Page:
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Notes/Study Guide for Exam 2

by: Shea Repins

Notes/Study Guide for Exam 2 Psych 383

Marketplace > Clemson University > Psychlogy > Psych 383 > Notes Study Guide for Exam 2
Shea Repins

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About this Document

This is the information needed for the second exam
Abnormal Psych
Pamela Alley
Study Guide
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This 14 page Study Guide was uploaded by Shea Repins on Thursday March 10, 2016. The Study Guide belongs to Psych 383 at Clemson University taught by Pamela Alley in Summer 2015. Since its upload, it has received 19 views. For similar materials see Abnormal Psych in Psychlogy at Clemson University.

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Date Created: 03/10/16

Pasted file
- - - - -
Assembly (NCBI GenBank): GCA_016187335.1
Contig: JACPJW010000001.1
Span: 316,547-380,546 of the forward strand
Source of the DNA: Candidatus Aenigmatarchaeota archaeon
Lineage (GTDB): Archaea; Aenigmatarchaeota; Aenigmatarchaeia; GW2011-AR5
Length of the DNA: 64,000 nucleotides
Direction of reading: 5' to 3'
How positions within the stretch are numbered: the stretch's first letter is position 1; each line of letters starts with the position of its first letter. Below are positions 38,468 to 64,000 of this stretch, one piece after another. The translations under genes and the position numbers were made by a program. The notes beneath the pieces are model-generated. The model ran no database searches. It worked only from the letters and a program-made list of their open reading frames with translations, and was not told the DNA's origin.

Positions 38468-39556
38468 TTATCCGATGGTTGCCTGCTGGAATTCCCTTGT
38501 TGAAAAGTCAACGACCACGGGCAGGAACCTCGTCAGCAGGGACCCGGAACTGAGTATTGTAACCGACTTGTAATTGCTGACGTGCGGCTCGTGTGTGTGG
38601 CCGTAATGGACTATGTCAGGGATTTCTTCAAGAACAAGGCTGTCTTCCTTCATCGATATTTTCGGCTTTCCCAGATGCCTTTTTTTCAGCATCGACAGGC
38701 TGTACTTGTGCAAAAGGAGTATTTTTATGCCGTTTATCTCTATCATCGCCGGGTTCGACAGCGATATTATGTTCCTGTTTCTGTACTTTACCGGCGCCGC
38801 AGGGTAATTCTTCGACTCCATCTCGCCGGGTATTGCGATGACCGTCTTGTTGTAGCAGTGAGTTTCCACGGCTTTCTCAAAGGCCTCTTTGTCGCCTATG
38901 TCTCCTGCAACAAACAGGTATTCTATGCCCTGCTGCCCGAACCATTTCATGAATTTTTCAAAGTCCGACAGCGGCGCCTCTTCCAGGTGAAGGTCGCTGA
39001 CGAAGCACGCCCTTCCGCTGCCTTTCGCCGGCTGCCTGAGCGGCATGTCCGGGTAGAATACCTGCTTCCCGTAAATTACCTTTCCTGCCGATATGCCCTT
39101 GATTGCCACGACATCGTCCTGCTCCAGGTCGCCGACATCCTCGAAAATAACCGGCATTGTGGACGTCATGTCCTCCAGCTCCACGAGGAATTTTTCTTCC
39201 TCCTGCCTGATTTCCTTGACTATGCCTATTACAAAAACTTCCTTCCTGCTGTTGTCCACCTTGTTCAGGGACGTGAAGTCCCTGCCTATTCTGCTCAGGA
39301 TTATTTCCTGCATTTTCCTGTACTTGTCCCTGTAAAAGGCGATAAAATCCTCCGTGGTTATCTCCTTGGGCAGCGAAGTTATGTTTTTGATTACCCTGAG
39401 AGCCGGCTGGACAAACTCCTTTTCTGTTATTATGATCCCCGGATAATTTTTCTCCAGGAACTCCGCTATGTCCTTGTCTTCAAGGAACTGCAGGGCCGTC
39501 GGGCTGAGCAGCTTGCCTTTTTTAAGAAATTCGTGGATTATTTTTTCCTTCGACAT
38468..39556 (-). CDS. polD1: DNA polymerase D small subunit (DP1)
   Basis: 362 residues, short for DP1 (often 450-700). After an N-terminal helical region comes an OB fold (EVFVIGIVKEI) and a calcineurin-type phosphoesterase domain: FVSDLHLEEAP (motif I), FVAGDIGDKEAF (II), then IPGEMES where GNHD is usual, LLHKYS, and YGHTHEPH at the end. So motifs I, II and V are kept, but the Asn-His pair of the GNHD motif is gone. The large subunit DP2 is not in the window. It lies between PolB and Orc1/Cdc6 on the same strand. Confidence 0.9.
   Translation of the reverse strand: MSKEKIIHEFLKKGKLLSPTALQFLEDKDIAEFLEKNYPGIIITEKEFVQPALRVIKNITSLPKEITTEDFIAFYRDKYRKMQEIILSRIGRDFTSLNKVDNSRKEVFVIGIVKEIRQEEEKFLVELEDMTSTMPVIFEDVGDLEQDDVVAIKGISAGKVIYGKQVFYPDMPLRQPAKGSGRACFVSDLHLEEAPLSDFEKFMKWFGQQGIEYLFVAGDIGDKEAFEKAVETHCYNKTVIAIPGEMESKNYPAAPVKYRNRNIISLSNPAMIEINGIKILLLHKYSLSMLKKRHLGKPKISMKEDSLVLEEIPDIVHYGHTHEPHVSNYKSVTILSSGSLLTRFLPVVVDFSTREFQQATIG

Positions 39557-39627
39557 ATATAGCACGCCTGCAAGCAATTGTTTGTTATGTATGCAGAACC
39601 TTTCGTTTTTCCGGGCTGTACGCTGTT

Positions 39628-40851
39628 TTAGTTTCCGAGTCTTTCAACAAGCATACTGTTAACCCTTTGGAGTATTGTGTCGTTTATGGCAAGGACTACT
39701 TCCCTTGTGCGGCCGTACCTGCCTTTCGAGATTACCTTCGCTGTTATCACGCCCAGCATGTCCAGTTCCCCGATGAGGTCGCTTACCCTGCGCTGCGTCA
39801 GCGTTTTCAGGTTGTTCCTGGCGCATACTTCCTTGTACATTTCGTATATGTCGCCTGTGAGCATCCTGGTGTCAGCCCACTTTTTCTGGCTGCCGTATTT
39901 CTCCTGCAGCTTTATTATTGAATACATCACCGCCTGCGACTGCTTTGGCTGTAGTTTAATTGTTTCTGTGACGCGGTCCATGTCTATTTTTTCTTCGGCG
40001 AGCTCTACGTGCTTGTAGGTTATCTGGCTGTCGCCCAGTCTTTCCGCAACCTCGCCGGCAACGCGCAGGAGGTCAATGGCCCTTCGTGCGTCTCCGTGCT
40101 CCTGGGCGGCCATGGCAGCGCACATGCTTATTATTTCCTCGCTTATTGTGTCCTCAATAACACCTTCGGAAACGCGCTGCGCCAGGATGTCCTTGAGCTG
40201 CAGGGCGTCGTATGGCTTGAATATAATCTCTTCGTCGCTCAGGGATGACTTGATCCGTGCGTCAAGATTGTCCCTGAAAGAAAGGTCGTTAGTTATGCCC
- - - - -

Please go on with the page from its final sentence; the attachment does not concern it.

Adjustment Disorder: What is it? -Mildest diagnosis -Trauma/stressor related disorder -Develops often when someone gets a disease (ex. Diabetes) Demographics: More common in Adult women than man, but equally common in genders for kids Diagnostic Criteria: -Symptoms occur with identifiable stressor within 3 months -Once stressor goes away, symptoms go away within 6 months Treatment: Many different approaches can help (ex. Cognitive) PTSD: What is it? -Cannot be diagnosed unless extremely serious event Diagnostic Criteria: -Need to meet all criteria for a diagnosis -Re-experiences the event, avoids things associated with the trauma, negative changes in mood/thought processes, increased arousal -MUST occur longer than 1 month and follow the event Demographics: -Symptoms usually occur within 3 months of event -Separate criteria for kids under 6 years old -More common for women and lasts longer for women -Commonly co-occurs with depression and anxiety disorders -Lower SES, low education, prior mental issues, no coping skills are all examples of risk factors Treatment: -Crisis Intervention -Post disaster debriefing session (used when large groups are effected by one event ex. Tornado/school shooter, short term relief) -Telephone Hotlines- intended for people w/ specific problem (rape, suicide, etc.), manned by paraprofessionals, effective if person helping is warm/respectful/empathetic -Not clear if meds are helpful but since PTSD is usually accompanied by depression, meds can treat the depressive symptoms Rape: Data: -Most common reason women have PTSD (95% of all women will meet criteria for PTSD within 2 weeks and start to recover naturally in the first month) -Most common locations are the man’s apartment/home or a residence hall/parked car -Early 1990’s # of rape started to decline, it had been increasing for years -US as a whole is declining but Midwest and south are increasing while west and northeast are decreasing -15%-25% of us women have or will be raped -3% of all us men have or will be raped (usually prisoner or child raped by another man) -Women between 18-21 years old are victims of over 20% of rapes -82% of women know their rapist Effects: -Short term= trouble sleeping/eating, crying, withdrawal, confusion, guilt, fear, anxiety -Long term= health problems, impaired sexual functioning, anxiety, depression, PTSD Types: 1.Acquaintance Rape: -Know their rapist (82%) -Date Rape is a common form- use of alcohol/drugs in more than 50% of date rapes -Explanations for date rape: Communication ambiguity (man overestimate dates interest and women underestimates dates interest) or Token resistance (man thinks women doesn’t mean it when she says no) 2. Marital Rape: -Husband forces sex on wife -Not a lot of stats because many women don’t consider it rape -The “Hale doctrine”- exempted husbands from being prosecuted for raping wives (end of 1980’s most states removed this) 3. Stranger Rape -18% of victims don’t know rapists -Not much data to distinguish from acquaintance rape Treatment: -Talking about experience helps a lot -Rape conseling centers, rape hotlines, rape crisis centers (all manned by paraprofessionals) -Victim advocacy services- paired with someone who also had a similar experience, act as a support system Anxiety disorders: Treatments: Behavior or cognitive therapy helps most, drugs may or may not help Specific Phobia: What is it? -Unreasonable fear of a specific thing Diagnostic Criteria: -Unreasonable/excessive -Immediate anxiety almost always -Avoiding or enduring with anxiety -Out of proportion response -Lasts for 6 months or longer Subtypes: 1.Animal 2.Natural Environment (ex. Storms,heights,water) 3.Situational (ex. Elevators, public transportation, bridges, airplanes) 4.Other (ex. Choking, stairs, vomiting) 5.Blood-Injury-Injection (heart rate goes up immediately and then drops down dramatically which usually causes fainting) Demographics: -Often have more than one phobia -Symptoms usually appear b/w ages 7 and 11 -Wax and wane -If symptoms continue into adulthood, its unlikely to ever go away without treatment -More common in females -Can develop after seeing a tramatic experience or being told about one -If family member has phobia, risk goes up -More likely to develop other anxiety/depressive disorders Treatments: Systematic desensitization or exposure therapy Participant modeling (exposure therapy where therapist does it before client) Social Anxiety disorder: What is it? -Person could be anxious in only certain situation or in all social situation -Performance and/or social situation -If it only happens when performing= “social anxiety disorder- performance only” Diagnostic Criteria: -Almost always provokes a fear when exposed to situatin -Avoiding/enduring the fear causes high anxiety -Fear/anxiety last for 6 months or more Demographics/Etiology: -Median age onset-13 years old -Rare for onset in adulthood -Persistent -Severity is very variable -Those with disorder are more likely to drop out, not be employed, low SES, overall poor quality of life -Can be learned (ex. Laughed at when doing show and tell) -Kids more likely to have it when parent has it -Kids with Behavioral Inhibition (shyness/fearfulness) more likely to get it Treatment: -Cognitive therapy -Meds help reduce short term symptoms but when they stop taking it the symptoms return -Best to do meds and therapy together Panic Attack Diagnostic Criteria: -Need 4 out of the 13 symptoms (increased heart rate, sweating, shaking, short breath, choking, chest pain, nausea, lightheaded, chills or hot flashes, numbness/tingling, derealiztion/depersonalization, fear of going crazy, fear of dying) -Brief and Instense- Peaks at 10 minutes, goes away after 20-30 minutes -Different than anxiety attacks (those last longer) Expected vs. Unexpected -Expected- obvious trigger, can go with any anxiety disorder as a specifier -Unexpected- no obvious trigger, panic disorder involves unexpected attacks Panic Disorder Diagnostic Criteria: -Recurrent, unexpected panic attacks -One of attacks is followed by concern/worry about more attacks or a change in behavior related to the attacks -Period of at least 1 month Generalized Anxiety Disorder What is it? Excessive anxiety/worry about a number of events Diagnostic Criteria: -symptoms occur for at least 6 months -Need 3 out of 6 symptoms (restlessness, fatigue, concentration problems, irritability, muscle tension, sleep disturbance) Development: -Median age of onset= 30 years old -Long-lasting/chronic, waxes and wanes -People with it have a hard time getting things done -More common for women -Genetic component (behavioral inhibition) -Harder to treat than the more specific disorders Treatment: Most difficult to treat OCD: What is it? -Obsessive thinking and compulsive behavior -Severity varies a lot -Aim of compulsion is to diminish the obsession (ex. Always think they didn’t lock doors so lock door repeatedly) -Some people with OCD have good insight (know they are doing unhealthy things) Obsessions: -Recurrent thoughts that are unwanted/intrusive, cause distress, and are suppressed with some other thought/action 4 primary types 1.Contamination/germs 2.Fear of harming self accidently (might lose control) 3.Fear of harming others 4.Pathological doubt (cant remember if they did something they needed to) Compulsions: -Repetitve behaviors that the person feels driven to do in response to an obsession, purpose is to prevent distress, not realistic/clearly excessive 5 primary types 1.Cleaning 2.Repeating 3.Ordering/arranging 4.Coun6ting 5.Checking Diagnostic Criteria: -Presence of obsessions, compulsions, or both (90% have both) -Need to be one of these: time consuming, cause significant distress, cause impairment in important aspects of life Demographics: -Mean age of onset=20 years old -25% begin prior to 14 years old -Gradually develops -Long lasting, waxes and wanes -Usually co-occurs with depression -Adult girls have slightly higher risk, but Children boys have higher risk -When it develops as a child, its more severe -Stress affects it -Genetic Component-Monzygotic twins risk is higher than dizygotic, mom/dad have it then risk goes up Mood disorders Causes: -Biological (moderate genetic link to depression and strong genetic link to bipolar) -Psychological (divorce, abuse, high stress are all risk factors) -Social (Lower SES people have higher rate of depression) Treatment: -Drug therapy MDD treated with SSRI Prozac most common anti-depressant in world Biploar treated with mood-stabilizers (lithium) -Cognitive therapy Commonly used for depression -ECT Serious episodes can be helped with this, good success rate Mood Episodes: -Not a disorder, building block for disorder -3 mood episode: depressive, manic, and hypomanic Major Depressive Episode: 5 out of the 9 symptoms for same 2 week period (NEEDS TO HAVE EITHER depressed mood most o the day or diminished interest in activities most of the day!!!, weight loss, insomnia/hypersomnia, move slow/a lot, fatigue, worthless feeling, cant concentrate, thoughts of death) Manic Episode 3 out of these 7 symptoms in same 1 week period (or if they cause hospitalization) -High self-esteem, decreased sleep need, talkative, flight of ideas, distractible, don’t finish what they start, excessive desire for high consequence activities (ex. Gambling, drugs, shopping) -Must cause marked impairment or need hospitalization or have psychotic features Hypomanic Episode -3 out of the 7 symptoms for 4 days -Same symptoms as manic -Not as serious as manic and lasts shorter -No severe enough to cause impairment, hospitalization, or psychotic features Depressive Disorders Demographics: -Depression and anxiety are comorbid -Avg. age of onset of depressive disorders=20 years old -Significantly less common in older people -Lifetime prevalence rate=17% -Way more common in girls than boys -Tend to be time limited – recovery begin in 3 months for 40% of people w/o treatment and will begin in 1 year for 80% of people Dysthymia: -Mild to moderate intensity -Chronic -At least 2 out of 6 symptoms for 2 years (1 year for kids) (Change of appetite, insomnia/hypersomnia, fatigue, low self-esteem, poor concentration, hopelessness) -NEVER had a manic or hypomanic episode Major Depressive Disorder, Single Episode: -Presense of one major depressive episode -Never been a manic or hypomanic episode Major Depressive Disorder, Recurrent: -Two or more major depressive episodes -Never had manic/hypomanic episode Seasonal Affective Depression: -Recurrent depressive episodes during certain seasons -Specifier -Usually comes during fall/winter and goes away during summer/spring -Must happen 2 different years consecutively -Probably due to lack of light during the seasons Pregnancy and depression: 1.Baby Blues -50-70% of moms -Symptoms occur in 3-7 days and go away by themselves -Hormones cause it -Not a disorder, pretty normal 2. Peripartum Onset -Specifier added to major depressive disorder - Begins when pregnant or within a month after birth -50% being during pregnancy, 50% a month after -3-6% impacted 3. Peripartum Onset and psychotic features -.1-.2% impacted - If they kill child, they usually have this disorder -Many experience command hallucinations or delusions -Cant distinguish b/w reality and fantasy -If already had a depressive disorder, more likely to have one peripartum Bipolar/related disorders Cyclothymic: -2 years of periods with hypomanic/depressive symptoms -Never had a full episode, just syptoms -Less serious, more longlasting/chronic -Equally common in males and females -Unforseen onset Bipolar 1: -One or more manic episodes -Can also have had depressive or hypomanic episodes, but not necessary -Mean age of onset=18 years old -Over 90% of people who have 1 manic episode will have recurrent mood episodes -No gender difference -Many will be fully functional b/w episodes -30% experience some impairment Bipolar 2: -Must have one or more depressive and hypomanic episode -NEVER been a manic episode -Usually starts with depressive episodes -5-15% of people w/ bipolar 2 will eventually have a manic episode and change to bipolar 1 -Mean age onset=mid 20’s -No gender difference -Commorbid with anxiety disorders -More chronic, more serious depressive episodes, and higher suicide rate that bipolar 1 -5-15% of people will be rapid cyclers (4 or more episodes every year) Suicide: Who? -more than ½ of people who commint suicide are in or recovering from a depressive episode -90% who attempt/commit have a psych disorder -8 -9 leading cause of death in US Contributing Factors? -Attempting: b/w 18-24 years old, more women, divorce is a big risk factor -Successfully committing- More common in 65 years and older, more men (b/c men usually shoot themselves and women will take pills) -Psych disorder, genetic vunerabilty, abuse are all risk factors -Caucasions have higher risk than blacks -More prevalent in Switzerland and Sweden than in US and more prevalent in US than Italy and Spain Prevention? -Hard to prevent b/c hard to know someone wants to -Suicide hotlinesno evidene they decreased rate but they still benefit people